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A night of Forties fun and frolics at Cahoots Underground Knees Up

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Secret London bar Cahoots is hosting a 1940s style knees-up in an underground bunker
© fb.com/larryjdotphotography

This October, the team behind Cahoots are taking their underground revelry to a whole new level. The secret Soho basement bar is bringing their special brand of 1940s fun and frolics to an underground party at The Vaults in Waterloo.

© Cahoots

Head underground for post-war frolics in Cahoots

In the Victorian arches below Waterloo station will be an evening of vintage post-war fabulousness, with live music, 1940s costumes, food and plenty of cocktails. Upon arrival, guests will be checked in at a 1940s ticket office with a glass of Veuve Clicquot Yellow Label Brut Champagne. To line their stomachs, there will be war-time rations of classic British grub, such as fish-finger sandwiches and sausage rolls. Among the all-inclusive drinks on offer will be Grey Goose, Jack Daniel’s and Bombay Sapphire black-market cocktails.

The Vaults will be transformed into a WWII bunker with plenty of fun and games going on in the coves and tunnels. The main Blitz Room will feature live bands, swing dancers and retro DJs alongside a flow of Cahoots cocktails. For a more intimate experience, people can cosy up and enjoy a Cockney singalong in the 1940s coffee shop, Grey Goose Espresso Martini Bar. If you’re really looking to let loose, head to the Swing House, with Cahoots DJ The Roustabouts keeping the party swinging. And finally, if you’re needing a breather, the hidden Gentleman’s Jack Room will provide some respite and a quiet cocktail or two.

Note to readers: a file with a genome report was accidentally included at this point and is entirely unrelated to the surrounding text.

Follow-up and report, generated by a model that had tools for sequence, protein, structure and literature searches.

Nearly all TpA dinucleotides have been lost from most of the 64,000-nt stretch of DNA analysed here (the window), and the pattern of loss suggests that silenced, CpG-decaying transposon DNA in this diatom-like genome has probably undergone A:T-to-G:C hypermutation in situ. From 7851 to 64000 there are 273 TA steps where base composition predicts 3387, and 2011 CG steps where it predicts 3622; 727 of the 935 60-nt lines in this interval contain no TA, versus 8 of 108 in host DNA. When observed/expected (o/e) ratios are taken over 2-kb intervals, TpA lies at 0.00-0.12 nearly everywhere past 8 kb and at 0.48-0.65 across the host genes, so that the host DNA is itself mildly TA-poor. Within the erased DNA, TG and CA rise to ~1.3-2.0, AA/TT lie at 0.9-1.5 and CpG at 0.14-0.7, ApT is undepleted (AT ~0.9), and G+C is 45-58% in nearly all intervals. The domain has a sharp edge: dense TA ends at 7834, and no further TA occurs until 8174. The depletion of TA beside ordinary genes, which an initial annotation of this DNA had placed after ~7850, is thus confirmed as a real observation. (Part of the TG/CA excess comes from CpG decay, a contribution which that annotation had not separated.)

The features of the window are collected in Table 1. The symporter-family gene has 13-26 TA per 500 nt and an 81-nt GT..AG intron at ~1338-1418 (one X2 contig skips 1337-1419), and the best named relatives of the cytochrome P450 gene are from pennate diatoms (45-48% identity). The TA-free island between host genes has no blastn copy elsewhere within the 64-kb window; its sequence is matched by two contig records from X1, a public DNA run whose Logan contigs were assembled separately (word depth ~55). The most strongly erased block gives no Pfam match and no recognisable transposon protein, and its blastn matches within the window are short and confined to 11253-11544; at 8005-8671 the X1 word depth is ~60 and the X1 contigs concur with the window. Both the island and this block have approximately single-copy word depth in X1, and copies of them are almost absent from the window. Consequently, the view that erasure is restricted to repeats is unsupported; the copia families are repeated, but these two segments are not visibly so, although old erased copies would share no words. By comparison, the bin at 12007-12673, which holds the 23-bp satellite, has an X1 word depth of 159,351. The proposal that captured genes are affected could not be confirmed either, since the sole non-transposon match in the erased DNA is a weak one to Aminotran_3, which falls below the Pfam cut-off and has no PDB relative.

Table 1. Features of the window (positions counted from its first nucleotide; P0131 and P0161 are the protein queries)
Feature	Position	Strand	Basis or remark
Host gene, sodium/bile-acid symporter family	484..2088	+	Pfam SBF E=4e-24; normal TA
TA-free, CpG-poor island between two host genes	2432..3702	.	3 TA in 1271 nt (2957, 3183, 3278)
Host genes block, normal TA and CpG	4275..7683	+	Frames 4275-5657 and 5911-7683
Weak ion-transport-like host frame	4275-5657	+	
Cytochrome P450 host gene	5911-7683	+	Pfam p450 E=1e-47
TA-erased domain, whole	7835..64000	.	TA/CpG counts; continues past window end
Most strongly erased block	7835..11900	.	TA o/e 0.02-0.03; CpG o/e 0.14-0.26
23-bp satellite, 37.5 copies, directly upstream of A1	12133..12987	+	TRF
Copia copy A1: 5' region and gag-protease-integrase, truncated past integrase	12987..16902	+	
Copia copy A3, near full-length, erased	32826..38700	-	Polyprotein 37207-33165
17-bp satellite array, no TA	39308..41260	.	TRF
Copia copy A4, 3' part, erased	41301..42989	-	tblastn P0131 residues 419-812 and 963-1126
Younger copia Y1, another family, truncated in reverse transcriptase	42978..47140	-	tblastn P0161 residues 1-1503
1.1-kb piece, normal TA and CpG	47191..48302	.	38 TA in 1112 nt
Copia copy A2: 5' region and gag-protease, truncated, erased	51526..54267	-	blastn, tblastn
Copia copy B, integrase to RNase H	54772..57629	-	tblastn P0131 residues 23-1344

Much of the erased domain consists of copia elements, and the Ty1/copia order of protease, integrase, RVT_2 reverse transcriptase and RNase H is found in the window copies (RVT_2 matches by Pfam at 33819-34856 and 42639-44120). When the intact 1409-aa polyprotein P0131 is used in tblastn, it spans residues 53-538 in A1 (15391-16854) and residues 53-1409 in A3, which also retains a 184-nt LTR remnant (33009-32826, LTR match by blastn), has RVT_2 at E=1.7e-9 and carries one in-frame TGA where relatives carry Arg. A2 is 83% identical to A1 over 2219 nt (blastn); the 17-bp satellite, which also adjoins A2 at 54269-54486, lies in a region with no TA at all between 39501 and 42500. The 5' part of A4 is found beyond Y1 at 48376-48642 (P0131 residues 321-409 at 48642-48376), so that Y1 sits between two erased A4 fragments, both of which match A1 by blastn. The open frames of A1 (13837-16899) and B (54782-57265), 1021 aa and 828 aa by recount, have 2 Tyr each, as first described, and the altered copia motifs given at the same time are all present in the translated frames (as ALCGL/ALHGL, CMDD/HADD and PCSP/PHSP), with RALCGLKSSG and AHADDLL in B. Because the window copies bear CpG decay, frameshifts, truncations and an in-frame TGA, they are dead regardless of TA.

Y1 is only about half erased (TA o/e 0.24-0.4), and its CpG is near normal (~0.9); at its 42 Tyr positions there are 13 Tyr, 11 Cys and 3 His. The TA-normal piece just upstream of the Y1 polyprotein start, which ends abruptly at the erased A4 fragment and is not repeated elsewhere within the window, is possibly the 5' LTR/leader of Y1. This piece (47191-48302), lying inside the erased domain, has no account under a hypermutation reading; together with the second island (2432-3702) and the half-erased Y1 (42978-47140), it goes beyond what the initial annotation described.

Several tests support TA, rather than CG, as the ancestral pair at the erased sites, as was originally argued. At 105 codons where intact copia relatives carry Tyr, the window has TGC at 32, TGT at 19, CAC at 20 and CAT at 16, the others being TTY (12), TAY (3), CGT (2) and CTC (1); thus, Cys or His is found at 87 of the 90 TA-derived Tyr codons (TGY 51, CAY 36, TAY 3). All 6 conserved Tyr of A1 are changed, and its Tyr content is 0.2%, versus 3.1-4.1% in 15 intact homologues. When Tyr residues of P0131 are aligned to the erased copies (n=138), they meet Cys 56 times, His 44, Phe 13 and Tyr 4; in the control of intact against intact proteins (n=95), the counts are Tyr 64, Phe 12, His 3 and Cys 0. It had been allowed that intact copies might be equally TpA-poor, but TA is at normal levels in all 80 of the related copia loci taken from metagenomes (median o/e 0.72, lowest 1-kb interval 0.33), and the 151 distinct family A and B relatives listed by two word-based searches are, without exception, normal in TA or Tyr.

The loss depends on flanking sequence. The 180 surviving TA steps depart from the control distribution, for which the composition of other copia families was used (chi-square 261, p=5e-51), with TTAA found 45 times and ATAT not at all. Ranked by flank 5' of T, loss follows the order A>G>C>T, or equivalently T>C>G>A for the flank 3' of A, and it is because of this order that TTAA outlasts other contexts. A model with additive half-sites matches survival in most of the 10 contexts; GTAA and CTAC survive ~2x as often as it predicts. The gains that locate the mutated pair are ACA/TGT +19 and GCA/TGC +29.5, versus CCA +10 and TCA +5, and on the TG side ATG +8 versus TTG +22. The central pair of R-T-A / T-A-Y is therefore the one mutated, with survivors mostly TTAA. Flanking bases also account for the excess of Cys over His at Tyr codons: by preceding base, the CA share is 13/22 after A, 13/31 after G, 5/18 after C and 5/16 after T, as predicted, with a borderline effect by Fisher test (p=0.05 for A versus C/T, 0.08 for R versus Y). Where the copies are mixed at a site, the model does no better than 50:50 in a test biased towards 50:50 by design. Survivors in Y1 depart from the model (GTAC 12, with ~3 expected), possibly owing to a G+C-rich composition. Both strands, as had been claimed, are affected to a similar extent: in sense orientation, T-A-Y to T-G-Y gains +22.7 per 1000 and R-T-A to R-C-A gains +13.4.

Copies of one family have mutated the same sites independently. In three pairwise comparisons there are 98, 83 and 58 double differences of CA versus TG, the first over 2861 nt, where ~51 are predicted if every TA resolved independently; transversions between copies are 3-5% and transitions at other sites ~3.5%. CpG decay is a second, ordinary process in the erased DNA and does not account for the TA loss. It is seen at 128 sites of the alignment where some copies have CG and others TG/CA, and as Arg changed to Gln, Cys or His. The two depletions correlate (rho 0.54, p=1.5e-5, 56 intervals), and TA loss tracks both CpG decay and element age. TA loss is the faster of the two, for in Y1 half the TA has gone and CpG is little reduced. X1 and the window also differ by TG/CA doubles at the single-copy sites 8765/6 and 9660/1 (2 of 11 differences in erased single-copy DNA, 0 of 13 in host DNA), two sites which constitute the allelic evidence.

• Cahoots Underground Knees Up takes place on Friday 6th October 2017 from 7pm – 1am. At The Vaults, Leake Street, Waterloo, SE1 7NN. Nearest station: Waterloo or Lambeth North. Tickets: Early bird £85, Regular from £95 (includes all cocktails and food). Forties dress seriously encouraged. For more information and tickets, visit the Cahoots website.

For the latest guide to what else is on in London, click here.